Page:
[perf improvement suggestion] dedupe materials #13

maxogden opened this Issue Mar 30, 2013 · 14 comments


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so it turns out that textures are by far the biggest issue in voxel.js performance. I believe that voxel-texture isn't smart about not duplicating textures if the textures are the exact same url, so if you say textures.load('grass') it will make ['grass', 'grass', 'grass', 'grass', 'grass', 'grass'] and duplicate it 6 times

do you have any other ideas for perf improvements beyond this?


oooh I got a tip on IRC that we can combine all of our materials into a and then do new THREE.Texture(canvas) once to get an atlas and then we just need to update the UV mappings in voxel-mesh to use the atlas.

I don't really understand the UV stuff though TBH, do you have any free time to possibly hack on this at any point in the future?

shama commented Mar 30, 2013

Yep! I actually already started on this and group textures into atlases based on the texture dimensions. I haven't had much time lately because I'm on family leave but that ends on April 1st. I'll have more time then to finish it up.

shama commented Mar 30, 2013

It also might be possible to group them all into one atlas using something like this: http://incise.org/2d-bin-packing-with-javascript-and-canvas.html

Although I think most of the time the textures will be the same dimensions so we could get away with just grouping by dimensions and keep it simple.

Also maybe it makes sense to just turn all of that into a bin script and have voxel-texture just load atlases. Unless there is any benefit to keeping the individual texture loading API?


I think there is a benefit to doing it in pure JS... since then we could support 'drag and drop a texture on the page to load your own custom texture'.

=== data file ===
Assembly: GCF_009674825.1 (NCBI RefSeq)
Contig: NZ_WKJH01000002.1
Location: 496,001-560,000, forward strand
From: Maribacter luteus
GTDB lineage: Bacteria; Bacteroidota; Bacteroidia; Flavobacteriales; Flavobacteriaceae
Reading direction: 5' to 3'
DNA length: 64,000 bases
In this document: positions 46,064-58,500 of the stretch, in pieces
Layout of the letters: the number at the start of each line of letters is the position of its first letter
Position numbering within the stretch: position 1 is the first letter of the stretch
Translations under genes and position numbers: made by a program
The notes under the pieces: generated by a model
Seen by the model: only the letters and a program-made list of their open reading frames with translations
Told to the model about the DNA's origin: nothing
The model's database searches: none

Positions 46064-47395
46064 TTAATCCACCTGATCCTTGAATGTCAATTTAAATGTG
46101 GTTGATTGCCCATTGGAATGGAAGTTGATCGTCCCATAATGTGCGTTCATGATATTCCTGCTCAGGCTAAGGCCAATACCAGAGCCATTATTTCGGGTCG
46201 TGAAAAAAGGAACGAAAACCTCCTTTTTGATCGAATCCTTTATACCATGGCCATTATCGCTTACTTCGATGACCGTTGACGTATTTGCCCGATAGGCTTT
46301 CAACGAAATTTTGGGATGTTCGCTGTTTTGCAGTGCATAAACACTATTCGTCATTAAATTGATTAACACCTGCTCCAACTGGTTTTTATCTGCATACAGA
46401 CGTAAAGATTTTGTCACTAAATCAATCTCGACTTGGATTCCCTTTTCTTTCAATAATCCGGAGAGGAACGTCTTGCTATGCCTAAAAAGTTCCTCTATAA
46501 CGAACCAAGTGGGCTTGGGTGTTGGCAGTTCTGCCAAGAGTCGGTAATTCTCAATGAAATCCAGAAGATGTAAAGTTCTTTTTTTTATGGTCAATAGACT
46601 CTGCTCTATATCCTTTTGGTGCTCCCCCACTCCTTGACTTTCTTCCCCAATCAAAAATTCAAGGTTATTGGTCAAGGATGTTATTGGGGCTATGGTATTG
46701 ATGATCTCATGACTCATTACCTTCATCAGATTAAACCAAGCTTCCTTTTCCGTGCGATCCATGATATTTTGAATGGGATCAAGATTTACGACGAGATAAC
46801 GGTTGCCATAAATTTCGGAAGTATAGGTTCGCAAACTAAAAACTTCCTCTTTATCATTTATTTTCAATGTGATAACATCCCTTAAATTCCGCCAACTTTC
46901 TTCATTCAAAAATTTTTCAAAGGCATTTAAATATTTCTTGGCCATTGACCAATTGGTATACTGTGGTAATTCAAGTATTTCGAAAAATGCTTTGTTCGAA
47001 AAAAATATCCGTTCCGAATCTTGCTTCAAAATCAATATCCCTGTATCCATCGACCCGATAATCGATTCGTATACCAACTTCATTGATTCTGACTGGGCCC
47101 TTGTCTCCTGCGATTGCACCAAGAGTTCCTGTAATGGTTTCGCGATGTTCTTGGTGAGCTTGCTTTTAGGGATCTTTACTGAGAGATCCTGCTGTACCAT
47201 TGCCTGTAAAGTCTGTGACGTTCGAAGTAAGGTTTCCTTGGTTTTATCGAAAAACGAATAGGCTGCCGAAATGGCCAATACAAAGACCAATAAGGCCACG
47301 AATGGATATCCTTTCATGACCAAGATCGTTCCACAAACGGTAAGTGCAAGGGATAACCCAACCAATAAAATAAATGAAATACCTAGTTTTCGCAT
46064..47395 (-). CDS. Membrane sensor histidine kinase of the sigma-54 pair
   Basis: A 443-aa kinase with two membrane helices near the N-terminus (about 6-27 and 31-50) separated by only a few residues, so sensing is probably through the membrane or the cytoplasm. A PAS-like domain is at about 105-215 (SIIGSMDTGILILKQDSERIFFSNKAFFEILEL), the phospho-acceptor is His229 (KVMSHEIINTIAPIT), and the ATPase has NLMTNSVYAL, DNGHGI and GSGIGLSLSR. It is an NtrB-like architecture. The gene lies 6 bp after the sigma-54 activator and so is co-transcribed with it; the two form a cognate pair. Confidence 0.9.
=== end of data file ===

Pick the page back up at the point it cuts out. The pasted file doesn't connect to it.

also here is a relevant discussion from IRC:

15:47 < mbalho> mikolalysenko: oh yea also apparently you can do texture atlases by combining your pngs into a single 2d <canvas> and doing new 
                THREE.Texture(<canvas>) and then fixing your uv mapping, seems like a viable stop gap for the time being
15:47 < mikolalysenko> mbalho: ok, though that is not really the main issue I think
15:47 < mikolalysenko> mbalho:  basically it is the wrap around at boundaries
15:48 < chrisdickinson> is that in re: three.js?
15:48 < mikolalysenko> mbalho:  you can either use that approach, or face merging - not both, at least within three.js
15:48 < chrisdickinson> i mean, voxel.js
15:48 < mikolalysenko> yeah
15:48 < chrisdickinson> ah, yeah
15:48 < mikolalysenko> basically three.js doesn't implement texture atlases with uv wrap
15:48 < mikolalysenko> and even doing it the simple way by generating a ton of faces will have some problems
15:48 < mbalho> mikolalysenko: ahh i see
15:48 < mikolalysenko> since at texture boundaries the lod filtering is going to create ugly seams
15:49 < mikolalysenko> which I have seen in many other voxel engines that do it that way
15:49 < mikolalysenko> but it should be faster for sure
15:49 < chrisdickinson> ah, that would require a custom fragment shader to render out of an atlas, right?
15:49 < mikolalysenko> exactly
15:49 < chrisdickinson> a non-three.js-baked-in one, at least
15:49 < mikolalysenko> pretty much
15:50 < mikolalysenko> which is also the main reason I stopped working on voxels myself
15:50 < mikolalysenko> is because I ran into this issue back when I was writing those articles
15:50 < mbalho> hah
15:50 < mikolalysenko> and I could not figure out how to get three.js to obey my will
15:50 < mikolalysenko> so, I just shelved and moved onto other projects
15:51 < mbalho> i wonder if we could write a version of the stupid mesher that only was stupid for exterior vertices and not internal
15:51 < mbalho> cause right now it does this http://i.imgur.com/aNDdMjR.gif
15:52 < mbalho> 1 draw call per texture per chunk, so if it was just 1 draw call per chunk i think we could get way more chunks than we can support now
15:52 < mbalho> i tried with 512 chunks and it was like 40k-50k draw calls :D
15:54 < mikolalysenko> I would guess that using the culled mesher should be faster for within three.js, though mostly because of the way it handles materials
15:54 < mikolalysenko> though asymptotically, the best thing to do would be to switch to a custom fragment shader
15:55 < mikolalysenko> you may also be able to avoid the filtering problems by padding each of the texutres in the canvas when you lay them out

ok some more chat today:

20:25 <@mbalho> i wonder how a mesher that kept visible faces as squares but greedily culled internal voxels would stack up in terms of verts/faces in 
20:25 < mikolalysenko> you can just remove the internal voxels though
20:25 < mikolalysenko> that is what the culled mesher does